Letter to Editor: Should He be Impeached?

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If you strike the king, you must kill him.
Ralph Waldo Emerson, 1843; also attributed to Niccolo Machiavelli

There can be no doubt that Donald J. Trump is unqualified by character and temperament to be President of the United States. There is little doubt, based on his words and actions in public – at rallies, on television, on twitter and elsewhere – that he has committed offenses that might properly be defined as “high crimes and misdemeanors” – a quaint constitutional phrase that has no precise definition.  The report of the Special Counsel, Robert S. Mueller, has documented these words and actions in excruciatingly painful detail.

Many of his 2016 campaign staff and members of his administration have been indicted and some have been convicted of various felonies, including   perjury, violations of campaign finance laws, receiving and using information stolen from US intelligence agencies by foreign operatives, and meeting with agents of foreign, perhaps hostile, governments. Investigations continue into his personal and corporate finances and it is possible that additional evidence of serious crimes may be disclosed when this financial information becomes available.  Congress should continue vigorously to pursue these investigations.

What shall be done? The Department of Justice has a policy of long-standing, to which Robert Mueller adhered, that a President cannot be indicted or tried for a federal crime. This policy does not have a basis in federal law nor has it been tested in a court, but it remains the policy. It might be tested. But according to this policy the only constitutional remedy for a felonious President is impeachment. The twenty-fifth amendment provides a different remedy for a President who is judged, by his or her own administration, to be incompetent due to physical, mental or emotional disability.

The founders wisely made impeachment an extremely difficult and therefore rarely attempted process. They clearly did not want the President to be removed for “mal-administration” – i.e. disagreement by Congress with his or her governmental policies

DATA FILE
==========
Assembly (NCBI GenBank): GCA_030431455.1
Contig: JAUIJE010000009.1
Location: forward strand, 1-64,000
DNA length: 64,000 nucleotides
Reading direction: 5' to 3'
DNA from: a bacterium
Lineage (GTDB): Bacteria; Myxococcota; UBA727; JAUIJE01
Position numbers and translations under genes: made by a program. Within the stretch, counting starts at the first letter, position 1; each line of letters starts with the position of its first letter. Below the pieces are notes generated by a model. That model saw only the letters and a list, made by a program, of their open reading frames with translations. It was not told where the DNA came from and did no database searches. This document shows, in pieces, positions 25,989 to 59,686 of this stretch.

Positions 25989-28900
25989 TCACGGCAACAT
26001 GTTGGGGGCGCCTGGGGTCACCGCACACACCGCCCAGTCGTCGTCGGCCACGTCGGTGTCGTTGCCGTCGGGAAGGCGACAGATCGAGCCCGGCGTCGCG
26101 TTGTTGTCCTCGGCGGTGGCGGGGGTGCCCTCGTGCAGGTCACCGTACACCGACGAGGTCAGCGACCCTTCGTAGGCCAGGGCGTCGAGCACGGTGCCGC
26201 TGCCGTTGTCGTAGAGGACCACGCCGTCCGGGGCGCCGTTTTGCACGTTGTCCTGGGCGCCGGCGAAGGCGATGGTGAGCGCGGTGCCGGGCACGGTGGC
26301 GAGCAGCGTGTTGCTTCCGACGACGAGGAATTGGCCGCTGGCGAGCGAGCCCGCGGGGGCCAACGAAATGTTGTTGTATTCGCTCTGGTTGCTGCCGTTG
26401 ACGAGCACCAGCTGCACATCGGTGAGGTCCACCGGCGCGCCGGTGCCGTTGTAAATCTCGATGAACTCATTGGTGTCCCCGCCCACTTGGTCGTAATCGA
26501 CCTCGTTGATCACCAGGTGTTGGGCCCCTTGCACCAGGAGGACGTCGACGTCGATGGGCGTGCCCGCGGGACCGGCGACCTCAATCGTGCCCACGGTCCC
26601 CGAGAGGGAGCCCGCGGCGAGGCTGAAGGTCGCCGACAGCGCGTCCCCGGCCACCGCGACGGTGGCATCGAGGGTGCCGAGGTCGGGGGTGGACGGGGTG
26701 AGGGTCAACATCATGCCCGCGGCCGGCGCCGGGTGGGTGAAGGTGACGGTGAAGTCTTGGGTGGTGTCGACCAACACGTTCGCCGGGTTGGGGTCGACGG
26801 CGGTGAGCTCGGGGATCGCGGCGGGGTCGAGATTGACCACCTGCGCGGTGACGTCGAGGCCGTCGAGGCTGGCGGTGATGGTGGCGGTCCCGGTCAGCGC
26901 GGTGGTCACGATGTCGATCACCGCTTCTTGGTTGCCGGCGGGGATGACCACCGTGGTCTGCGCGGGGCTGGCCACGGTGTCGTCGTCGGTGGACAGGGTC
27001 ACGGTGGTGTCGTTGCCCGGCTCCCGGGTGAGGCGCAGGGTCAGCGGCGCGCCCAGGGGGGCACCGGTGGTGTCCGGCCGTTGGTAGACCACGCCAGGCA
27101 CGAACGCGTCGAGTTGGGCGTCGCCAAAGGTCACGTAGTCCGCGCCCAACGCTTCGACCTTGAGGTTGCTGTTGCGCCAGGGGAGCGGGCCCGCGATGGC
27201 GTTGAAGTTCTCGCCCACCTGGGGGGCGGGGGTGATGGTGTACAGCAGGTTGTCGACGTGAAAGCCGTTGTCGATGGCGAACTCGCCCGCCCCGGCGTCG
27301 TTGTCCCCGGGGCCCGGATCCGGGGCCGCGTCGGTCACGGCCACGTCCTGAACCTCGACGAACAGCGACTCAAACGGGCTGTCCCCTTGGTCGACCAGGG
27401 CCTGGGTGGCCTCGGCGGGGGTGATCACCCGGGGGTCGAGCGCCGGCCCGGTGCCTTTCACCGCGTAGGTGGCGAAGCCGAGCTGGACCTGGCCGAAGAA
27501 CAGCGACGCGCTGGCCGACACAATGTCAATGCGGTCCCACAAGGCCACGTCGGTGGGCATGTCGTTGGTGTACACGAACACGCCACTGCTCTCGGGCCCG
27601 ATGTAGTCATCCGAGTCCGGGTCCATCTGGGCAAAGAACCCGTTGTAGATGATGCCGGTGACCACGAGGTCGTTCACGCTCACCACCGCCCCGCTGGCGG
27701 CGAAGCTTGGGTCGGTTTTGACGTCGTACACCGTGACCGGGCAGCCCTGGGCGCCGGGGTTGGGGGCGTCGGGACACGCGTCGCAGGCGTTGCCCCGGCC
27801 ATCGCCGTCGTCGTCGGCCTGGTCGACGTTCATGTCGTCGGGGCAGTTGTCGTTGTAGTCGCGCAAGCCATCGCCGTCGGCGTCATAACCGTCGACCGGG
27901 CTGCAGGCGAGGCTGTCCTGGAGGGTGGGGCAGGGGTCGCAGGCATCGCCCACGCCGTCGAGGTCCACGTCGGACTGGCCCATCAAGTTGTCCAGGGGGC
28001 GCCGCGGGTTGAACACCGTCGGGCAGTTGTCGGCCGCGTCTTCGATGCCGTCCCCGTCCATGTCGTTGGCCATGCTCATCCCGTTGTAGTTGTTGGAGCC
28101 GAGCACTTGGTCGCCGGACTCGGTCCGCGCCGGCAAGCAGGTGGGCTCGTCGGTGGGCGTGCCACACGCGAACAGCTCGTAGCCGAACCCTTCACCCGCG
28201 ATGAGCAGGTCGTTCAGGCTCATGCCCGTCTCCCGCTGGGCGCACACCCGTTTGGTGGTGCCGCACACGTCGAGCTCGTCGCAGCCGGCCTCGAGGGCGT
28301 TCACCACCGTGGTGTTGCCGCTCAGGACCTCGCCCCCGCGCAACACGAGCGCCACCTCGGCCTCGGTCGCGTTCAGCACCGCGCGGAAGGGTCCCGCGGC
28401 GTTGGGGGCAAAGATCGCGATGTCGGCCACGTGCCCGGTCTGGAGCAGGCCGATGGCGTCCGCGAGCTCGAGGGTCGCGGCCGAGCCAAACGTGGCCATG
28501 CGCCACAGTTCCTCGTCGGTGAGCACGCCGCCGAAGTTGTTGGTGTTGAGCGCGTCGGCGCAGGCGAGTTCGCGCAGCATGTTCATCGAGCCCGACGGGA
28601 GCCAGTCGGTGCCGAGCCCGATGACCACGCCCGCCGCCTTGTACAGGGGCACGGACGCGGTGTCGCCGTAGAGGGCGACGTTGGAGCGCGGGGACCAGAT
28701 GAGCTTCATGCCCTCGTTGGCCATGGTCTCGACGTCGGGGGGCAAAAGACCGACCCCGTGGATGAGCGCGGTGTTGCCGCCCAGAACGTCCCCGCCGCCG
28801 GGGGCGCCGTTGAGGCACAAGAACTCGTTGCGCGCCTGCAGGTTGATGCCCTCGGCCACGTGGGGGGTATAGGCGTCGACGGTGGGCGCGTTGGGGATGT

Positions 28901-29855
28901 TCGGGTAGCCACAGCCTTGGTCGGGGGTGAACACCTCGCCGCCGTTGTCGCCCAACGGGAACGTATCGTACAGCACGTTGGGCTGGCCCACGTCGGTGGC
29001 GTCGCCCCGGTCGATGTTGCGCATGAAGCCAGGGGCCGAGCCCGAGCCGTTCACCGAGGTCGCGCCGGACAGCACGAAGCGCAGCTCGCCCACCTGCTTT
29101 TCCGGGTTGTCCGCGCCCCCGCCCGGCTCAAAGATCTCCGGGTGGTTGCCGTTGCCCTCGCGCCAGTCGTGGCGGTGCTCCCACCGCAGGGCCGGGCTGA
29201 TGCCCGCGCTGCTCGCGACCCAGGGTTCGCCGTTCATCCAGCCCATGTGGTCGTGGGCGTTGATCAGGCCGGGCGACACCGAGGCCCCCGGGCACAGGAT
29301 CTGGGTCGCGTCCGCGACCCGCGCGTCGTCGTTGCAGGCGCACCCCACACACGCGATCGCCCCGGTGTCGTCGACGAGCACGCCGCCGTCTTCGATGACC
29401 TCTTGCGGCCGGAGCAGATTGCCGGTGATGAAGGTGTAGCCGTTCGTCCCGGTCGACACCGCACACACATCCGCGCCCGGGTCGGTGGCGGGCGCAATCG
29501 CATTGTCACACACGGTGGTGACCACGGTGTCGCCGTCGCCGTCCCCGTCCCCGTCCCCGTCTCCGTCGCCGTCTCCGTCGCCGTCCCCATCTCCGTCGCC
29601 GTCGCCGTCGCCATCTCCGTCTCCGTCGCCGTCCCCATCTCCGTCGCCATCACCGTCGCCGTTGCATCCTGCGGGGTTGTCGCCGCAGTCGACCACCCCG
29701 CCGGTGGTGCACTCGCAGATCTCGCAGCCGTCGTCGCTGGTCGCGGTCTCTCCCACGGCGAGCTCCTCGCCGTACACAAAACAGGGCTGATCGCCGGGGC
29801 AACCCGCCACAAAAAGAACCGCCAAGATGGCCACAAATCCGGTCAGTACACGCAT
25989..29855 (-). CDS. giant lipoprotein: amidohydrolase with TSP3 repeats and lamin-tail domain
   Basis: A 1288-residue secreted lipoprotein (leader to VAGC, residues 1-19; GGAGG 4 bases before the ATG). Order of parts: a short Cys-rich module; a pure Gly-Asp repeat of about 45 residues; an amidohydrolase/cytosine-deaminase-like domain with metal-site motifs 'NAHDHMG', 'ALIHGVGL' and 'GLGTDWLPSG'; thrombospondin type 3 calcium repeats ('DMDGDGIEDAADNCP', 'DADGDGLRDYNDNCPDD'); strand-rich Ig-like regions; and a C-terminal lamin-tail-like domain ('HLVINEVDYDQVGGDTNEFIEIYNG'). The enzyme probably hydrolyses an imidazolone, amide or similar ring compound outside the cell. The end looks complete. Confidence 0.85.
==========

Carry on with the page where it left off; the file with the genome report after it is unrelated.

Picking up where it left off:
House Speaker Nancy Pelosi said a few months ago that impeachment should be based on overwhelming evidence, irrefutable facts, and bipartisan consensus. I agree with her.  In the current circumstances that would imply a large, bipartisan, majority in the House of Representatives and a necessarily bi-partisan 2/3 majority in the Senate. A partisan vote of impeachment in the House followed by a partisan acquittal in the Senate would not remove the President, it would result in further rancorous division in the country, and it would enable the President and his supporters to claim – without cause – that he had been “vindicated.”  

Twice in our nation’s history the House of Representatives has impeached the President and a trial has been conducted in the Senate. In 1867 President Andrew Johnson was acquitted by one vote, decisively cast by Senator Edmund G. Ross of Kansas who believed that the President should not be removed for purely political disagreement. Ross gained a place in John F. Kennedy’s Profiles in Courage for that vote. In 1998 President Bill Clinton was impeached by the House on a narrowly partisan vote; the vote in the Senate to convict – again, narrowly partisan – failed to attain even a simple majority. In 1974 President Richard Nixon, sensing that there was a bipartisan consensus for his impeachment, resigned from the Presidency rather than face impeachment.  

In the current situation, the bipartisan consensus that impeachment requires may be attained as investigations continue. In the meantime, the majority in the House of Representatives is not helpless. There are several proposals – short of a vote of impeachment – that have been suggested. They should be explored and debated. But in my opinion impeachment by the House of Representatives should await a bipartisan consensus – or be postponed until the people’s vote in November, 2020.

If you strike the king, you must kill him.

John T. Ames
Chestertown

 

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Letters to Editor

  1. George R. Shivers says

    The chance of getting a bipartisan majority to impeach may be difficult, even impossible, in today’s Republican Party in Congress and the Senate. In my view, however, that doesn’t mean that Congress should not attempt to impeach Trump. Congressional hearings on impeachment could create a groundswell of popular sentiment to bring Trump to justice, one that even Republicans could not resist. If not, at least the message would have been sent to the American people in 2020 that Trump is unfit to be president. Despite Nancy Pelosi’s resistance, I believe that the Democratic majority in the House of Representatives should move forward with impeachment.

  2. Deirdre LaMotte says

    Of course Trump should be impeached. And of course the
    Senate would not hold a vote; our country is in trouble. We
    have a huge decency deficit, to put it mildly, and there are
    no decent Republicans in office. They are terrified of “his”
    tweets. One Republican Representative has spine and he deserves the Profile in Courage award next year. So, given the situation, our House
    was elected not to protect those in tough districts but to uphold
    our Constitution. Do the job and impeach this horrible lier who is ruining all that is good in our world. Literally.

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